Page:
Skip to main content

James 2:15-16: If A Brother Or Sister Is Poorly Clothed And Lacking In Daily Food

James 2:15–16
[15] If a brother or sister is poorly clothed and lacking in daily food, [16] and one of you says to them, “Go in peace, be warmed and filled,” without giving them the things needed for the body, what good is that? (ESV)

For many years I have been a preacher of the Gospel. There is an inherent danger in the job of preaching. It is easy to get so caught up in speaking the truth that one can forget to also back up the words with actions. It is one thing to tell people that God will provide for their lives, but it is another thing to ask God how he wants to use us to accomplish that divine purpose of provision.

James gives us a very graphic picture in these two verses. Imagine a poor, starving child that we essentially ignore while saying some nice words to them. That's not enough. If the child needs food and we say that God will fill them with good food, but do not provide it, we are being hypocrites. True faith is evidenced by action.

I believe that there are many people in our world who have rejected Christianity not because of our beliefs, but because of our actions, or lack of actions. We must believe the truth. I am a strong defender of the importance of knowing sound doctrine. But the evidence that we have believed properly is behaving properly.

Too often the church is a place that is known in the community as a place of in-fighting, gossip, and self-righteous condemnation of everyone who is not part of their "family." Imagine what it would be like if the church in your community was known as a place where the poor and needy are helped, where the teenagers are shown what it means to grow up with purpose, and there is less crime in the streets because of the positive influence of the church. The Gospel, believed and lived can do this.

In what ways have you ignored the need of those around you? In what ways can you put more action in your faith? Do something today that matches your belief with your behavior.


Popular posts from this blog

Romans 8:18: For I Consider That The Sufferings Of This Present Time Are Not Worth Comparing

Romans 8:18 [18] For I consider that the sufferings of this present time are not worth comparing with the glory that is to be revealed to us. (ESV) Perspective. What an important word. Let's be honest. We do not like the idea of suffering. We will do almost anything to avoid any kind of suffering. Some churches have gone so far as to preach against the idea of suffering, declaring it to not be a part of the true believer's life. Paul is not shy about the topic. Paul uses the sufferings of this present time as a means to consider the greater glory that awaits us. Perspective. Paul is not in any way attempting to diminish our suffering. A view toward eternity puts our suffering in a proper understanding. Yes, our suffering is terrible. In the grand scheme of eternity it is not even worth comparison. Maybe you are thinking that Paul does not know what he is talking about when it comes to suffering. In 2 Corinthians 11 Paul describes countless beatings, often near death,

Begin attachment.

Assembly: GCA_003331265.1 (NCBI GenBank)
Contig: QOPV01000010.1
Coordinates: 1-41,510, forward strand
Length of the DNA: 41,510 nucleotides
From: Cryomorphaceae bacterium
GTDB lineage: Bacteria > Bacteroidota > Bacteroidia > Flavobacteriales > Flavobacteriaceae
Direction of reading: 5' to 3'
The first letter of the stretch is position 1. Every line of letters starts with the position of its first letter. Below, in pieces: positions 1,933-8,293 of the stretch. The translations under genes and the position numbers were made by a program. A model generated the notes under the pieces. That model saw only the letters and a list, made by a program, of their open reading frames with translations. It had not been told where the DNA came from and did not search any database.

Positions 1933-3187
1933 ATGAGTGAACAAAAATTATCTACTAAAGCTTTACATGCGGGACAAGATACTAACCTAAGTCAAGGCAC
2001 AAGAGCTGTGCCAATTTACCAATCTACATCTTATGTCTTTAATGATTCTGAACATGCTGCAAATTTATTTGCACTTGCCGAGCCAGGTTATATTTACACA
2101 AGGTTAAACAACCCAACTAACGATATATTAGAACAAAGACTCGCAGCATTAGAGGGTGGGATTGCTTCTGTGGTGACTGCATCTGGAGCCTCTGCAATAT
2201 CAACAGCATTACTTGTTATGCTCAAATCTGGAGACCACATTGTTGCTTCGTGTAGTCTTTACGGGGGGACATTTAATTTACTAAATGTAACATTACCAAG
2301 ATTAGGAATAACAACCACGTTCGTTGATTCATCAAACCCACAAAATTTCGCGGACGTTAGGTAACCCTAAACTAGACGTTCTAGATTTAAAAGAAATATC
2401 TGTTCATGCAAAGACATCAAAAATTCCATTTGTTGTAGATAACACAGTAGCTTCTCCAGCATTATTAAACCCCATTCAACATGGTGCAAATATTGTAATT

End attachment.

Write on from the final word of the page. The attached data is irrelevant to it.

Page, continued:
Romans 15:14: I Myself Am Satisfied About You, My Brothers

Romans 15:14 [14] I myself am satisfied about you, my brothers, that you yourselves are full of goodness, filled with all knowledge and able to instruct one another. (ESV) The Apostle Paul was a strong man. His words to the churches in all of his letters are full of doctrinal truth and instruction that are not for the faint of heart. In this letter to the church at Rome he had to correct them in their understanding of how to deal with issues that could potentially divide them. Paul had never even been to Rome yet. He had not met these believers. Paul is telling the church at Rome in this verse that the reason they were able to receive his strong words was because of their spiritual maturity. He declares that they are full of goodness, filled with all knowledge and able to instruct one another. This is an incredible compliment that Paul would not offer to every church. This concept of being filled with goodness and knowledge speaks of a group of believers who had listened to t

Romans 15:22: This Is The Reason Why I Have So Often Been Hindered From Coming To You.

Romans 15:22 [22] This is the reason why I have so often been hindered from coming to you. (ESV) Paul was quite the traveler. As an Apostle to the Gentiles his task was literally to take the Gospel to the entire known world at the time. Many of the Epistles that Paul writes are letters written to places where he has already been. He preached the Gospel, many were saved, churches were planted, and Paul moved on to a new area. Rome was a place that Paul had never been to. He writes this entire letter to people whom he had never met. As an Apostle to the Gentiles he wanted to give them the good solid teaching they needed to grow in their faith. Likely, someone who was converted on the Day of Pentecost went back to Rome and first shared the Gospel there. Paul says that he has been often hindered from coming to Rome. He could have argued that all kinds of circumstances would not permit him to get to Rome. Paul would not have blamed circumstances. He would have understood that it w